Traveling in Madagascar

Hi All,

I’m nearing the end of my Madagascar adventure, and I promised news before I left.

I’m here with my friends, Lars and Nirin, from Nantes, France. They’ve been here before, and I happily left all the planning to them. (Nirin’s father is from here, and Nirin knows the country well.) They’ve been taking great care of me….carrying my bags, holding my hand across high steps, and researching food (Lars is a professional chef and he checks menus before we go in!  ), hotels, drivers, and fun/interesting experiences. Yes, there is distant news of the “plague,” but nothing close……..and Nirin is a doctor, so I’m not worried. My sneezes and coughs are just sneezes and coughs!

First, it’s beautiful. When we arrived we left the crowded capital (Antananarivo) on day one. Most of this fourth-largest island in the world is gorgeous, rolling hills with picturesque villages and rivers and waterfalls tucked into the landscape; other parts are massive rocky and colorful cliffs . There are areas that are flat as far as the horizons on all sides. The sky is fabulous too. Blue with puffy, white clouds,  dark grey before the rain. This is the rainy season, and the whole growing-world is dozens of shades of green and pretty spectacular.


Crossing the River Betsiboka on our way to Majunga. Photo by Lars.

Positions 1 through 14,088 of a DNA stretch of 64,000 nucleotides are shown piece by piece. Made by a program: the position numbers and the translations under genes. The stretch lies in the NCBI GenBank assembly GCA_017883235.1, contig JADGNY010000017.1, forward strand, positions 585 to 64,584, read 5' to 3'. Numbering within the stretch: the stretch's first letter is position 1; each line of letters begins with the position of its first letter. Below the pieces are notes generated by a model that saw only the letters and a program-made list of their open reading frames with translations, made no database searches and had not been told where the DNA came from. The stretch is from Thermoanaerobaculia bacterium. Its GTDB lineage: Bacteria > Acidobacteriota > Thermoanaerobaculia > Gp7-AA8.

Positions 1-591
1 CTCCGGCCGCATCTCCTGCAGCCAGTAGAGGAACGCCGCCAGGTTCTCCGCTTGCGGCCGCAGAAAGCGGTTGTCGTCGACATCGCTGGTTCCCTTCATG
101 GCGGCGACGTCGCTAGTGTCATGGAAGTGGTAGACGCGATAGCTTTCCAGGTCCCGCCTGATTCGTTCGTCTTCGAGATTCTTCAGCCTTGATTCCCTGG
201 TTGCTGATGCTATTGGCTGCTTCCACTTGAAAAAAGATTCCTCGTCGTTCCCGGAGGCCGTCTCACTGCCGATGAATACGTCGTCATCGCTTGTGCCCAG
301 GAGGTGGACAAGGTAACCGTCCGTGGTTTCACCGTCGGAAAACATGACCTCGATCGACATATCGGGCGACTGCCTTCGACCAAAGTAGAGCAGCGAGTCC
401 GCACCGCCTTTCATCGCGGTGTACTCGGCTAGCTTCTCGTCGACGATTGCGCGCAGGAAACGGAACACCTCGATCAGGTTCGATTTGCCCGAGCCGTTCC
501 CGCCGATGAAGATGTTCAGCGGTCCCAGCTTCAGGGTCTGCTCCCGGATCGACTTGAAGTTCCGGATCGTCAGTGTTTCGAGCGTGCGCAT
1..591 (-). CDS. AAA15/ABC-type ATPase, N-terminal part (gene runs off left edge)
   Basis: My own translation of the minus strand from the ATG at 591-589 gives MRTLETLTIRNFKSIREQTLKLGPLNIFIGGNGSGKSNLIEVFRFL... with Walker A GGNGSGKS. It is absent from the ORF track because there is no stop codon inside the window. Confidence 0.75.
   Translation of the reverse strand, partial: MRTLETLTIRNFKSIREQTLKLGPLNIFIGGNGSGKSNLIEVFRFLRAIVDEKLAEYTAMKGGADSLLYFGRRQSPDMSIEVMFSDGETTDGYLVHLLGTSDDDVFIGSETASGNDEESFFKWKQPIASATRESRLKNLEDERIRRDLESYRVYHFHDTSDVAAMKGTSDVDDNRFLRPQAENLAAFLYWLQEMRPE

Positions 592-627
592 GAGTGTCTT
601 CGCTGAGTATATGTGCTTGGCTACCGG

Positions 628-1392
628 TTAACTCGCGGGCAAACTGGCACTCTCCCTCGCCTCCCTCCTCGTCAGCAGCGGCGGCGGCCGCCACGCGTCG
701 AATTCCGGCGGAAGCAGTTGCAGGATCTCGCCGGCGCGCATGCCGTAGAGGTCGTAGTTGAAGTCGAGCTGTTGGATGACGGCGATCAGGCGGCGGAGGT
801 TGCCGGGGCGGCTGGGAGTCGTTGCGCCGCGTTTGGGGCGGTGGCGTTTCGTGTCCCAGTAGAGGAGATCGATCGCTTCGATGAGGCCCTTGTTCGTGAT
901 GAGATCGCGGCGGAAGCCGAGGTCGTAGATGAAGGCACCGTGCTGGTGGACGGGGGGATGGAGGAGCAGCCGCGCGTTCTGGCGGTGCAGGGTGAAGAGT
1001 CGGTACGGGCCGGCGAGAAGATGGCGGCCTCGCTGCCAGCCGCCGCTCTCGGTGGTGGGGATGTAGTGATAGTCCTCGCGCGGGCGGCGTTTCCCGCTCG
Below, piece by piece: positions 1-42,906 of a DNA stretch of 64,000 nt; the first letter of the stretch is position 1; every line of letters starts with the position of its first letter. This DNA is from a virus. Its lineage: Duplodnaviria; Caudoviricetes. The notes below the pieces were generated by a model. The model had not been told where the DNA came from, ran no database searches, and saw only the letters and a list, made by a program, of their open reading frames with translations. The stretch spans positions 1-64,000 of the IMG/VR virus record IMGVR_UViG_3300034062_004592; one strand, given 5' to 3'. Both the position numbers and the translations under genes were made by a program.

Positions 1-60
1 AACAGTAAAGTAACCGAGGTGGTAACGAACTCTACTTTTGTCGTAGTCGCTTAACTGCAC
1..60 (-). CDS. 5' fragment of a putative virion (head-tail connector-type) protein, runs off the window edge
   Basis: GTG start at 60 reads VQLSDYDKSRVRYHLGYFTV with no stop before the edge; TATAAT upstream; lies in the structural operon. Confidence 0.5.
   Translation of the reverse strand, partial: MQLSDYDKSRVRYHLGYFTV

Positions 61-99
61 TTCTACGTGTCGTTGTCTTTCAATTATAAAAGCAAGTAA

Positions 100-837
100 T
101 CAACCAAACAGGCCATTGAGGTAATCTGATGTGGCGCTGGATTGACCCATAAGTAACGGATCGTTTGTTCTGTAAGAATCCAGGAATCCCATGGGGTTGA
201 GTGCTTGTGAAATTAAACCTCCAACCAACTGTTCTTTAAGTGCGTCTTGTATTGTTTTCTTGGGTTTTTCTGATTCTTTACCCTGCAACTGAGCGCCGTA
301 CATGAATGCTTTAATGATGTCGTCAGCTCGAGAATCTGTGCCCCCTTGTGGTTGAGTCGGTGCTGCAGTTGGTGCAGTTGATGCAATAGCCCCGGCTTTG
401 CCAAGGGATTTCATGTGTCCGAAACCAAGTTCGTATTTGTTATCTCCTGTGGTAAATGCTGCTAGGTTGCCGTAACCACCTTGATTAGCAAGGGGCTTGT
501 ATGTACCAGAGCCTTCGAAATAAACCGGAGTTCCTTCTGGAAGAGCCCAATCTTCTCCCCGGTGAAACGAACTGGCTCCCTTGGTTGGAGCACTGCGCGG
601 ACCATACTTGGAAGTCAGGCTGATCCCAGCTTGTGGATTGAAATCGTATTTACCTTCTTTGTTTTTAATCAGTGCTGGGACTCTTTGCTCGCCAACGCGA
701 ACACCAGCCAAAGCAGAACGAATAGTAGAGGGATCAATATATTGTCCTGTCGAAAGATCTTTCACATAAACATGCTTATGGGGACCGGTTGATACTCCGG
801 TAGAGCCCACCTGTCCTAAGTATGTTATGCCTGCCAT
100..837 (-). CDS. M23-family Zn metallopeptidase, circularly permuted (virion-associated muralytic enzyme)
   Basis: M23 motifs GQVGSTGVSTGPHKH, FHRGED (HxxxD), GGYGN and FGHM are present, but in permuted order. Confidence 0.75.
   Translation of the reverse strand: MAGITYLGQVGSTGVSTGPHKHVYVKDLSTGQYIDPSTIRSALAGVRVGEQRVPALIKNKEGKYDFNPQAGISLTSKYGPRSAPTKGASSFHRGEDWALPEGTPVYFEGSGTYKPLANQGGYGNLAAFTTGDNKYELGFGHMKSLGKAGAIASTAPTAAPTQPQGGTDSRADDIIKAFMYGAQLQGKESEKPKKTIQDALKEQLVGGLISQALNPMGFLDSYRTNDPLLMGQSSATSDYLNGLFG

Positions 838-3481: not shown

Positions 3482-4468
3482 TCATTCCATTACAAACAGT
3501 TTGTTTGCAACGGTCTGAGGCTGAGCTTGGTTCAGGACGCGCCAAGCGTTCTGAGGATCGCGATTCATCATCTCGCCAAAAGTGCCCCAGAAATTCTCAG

A vast portion of the soil is rich, copper-colored red. Roads are lined with red walls as though they’ve been carved with a giant scoop….and spectacular hillsides look as though they’ve been sculpted with massive pitchforks and carving tools, creating paintings out of the picturesque red soil.  A lot of the rivers, where people are constantly washing their clothes, are red…and so are the clay bricks that are the basic building material of many homes.

Oh, and while I’m on the washing topic, the countryside is filled with clothes drying (not much electricity in homes; even hotels often don’t have driers)….wherever you go there are drying clothes draped on fences, bushes, roofs, branches, cactuses, bannisters…. anywhere clothes can be spread or hung.
Much of the beauty of the varied landscape  is a result of generations of cutting down the forests which used to cover the island. There are very few forests left! It’s a serious problem….but I’ll get into that another day.

Second, it’s poor country. Villages are relatively far apart and packed with people…sitting on benches, leaning against sheds, selling rice (the Malagasy eat rice three times a day), vegetables, fruits, and walking, walking, walking with giant sacks on their heads, and babies on their backs. Or just standing, staring, talking, dreaming. There doesn’t appear to be much work around….other than people doubled-over planting, weeding, thinning the rice fields. And most homes are seriously in need of repair.

And I’ve never seen so many kids! Running free, sitting on the ground, wandering all over the place, crossing roads, without apparent supervision. Nirin says the average woman has six deliveries…..though not all the kids survive. Still, every inch of island is loaded with kids! I can’t stop wondering how many of them are hungry.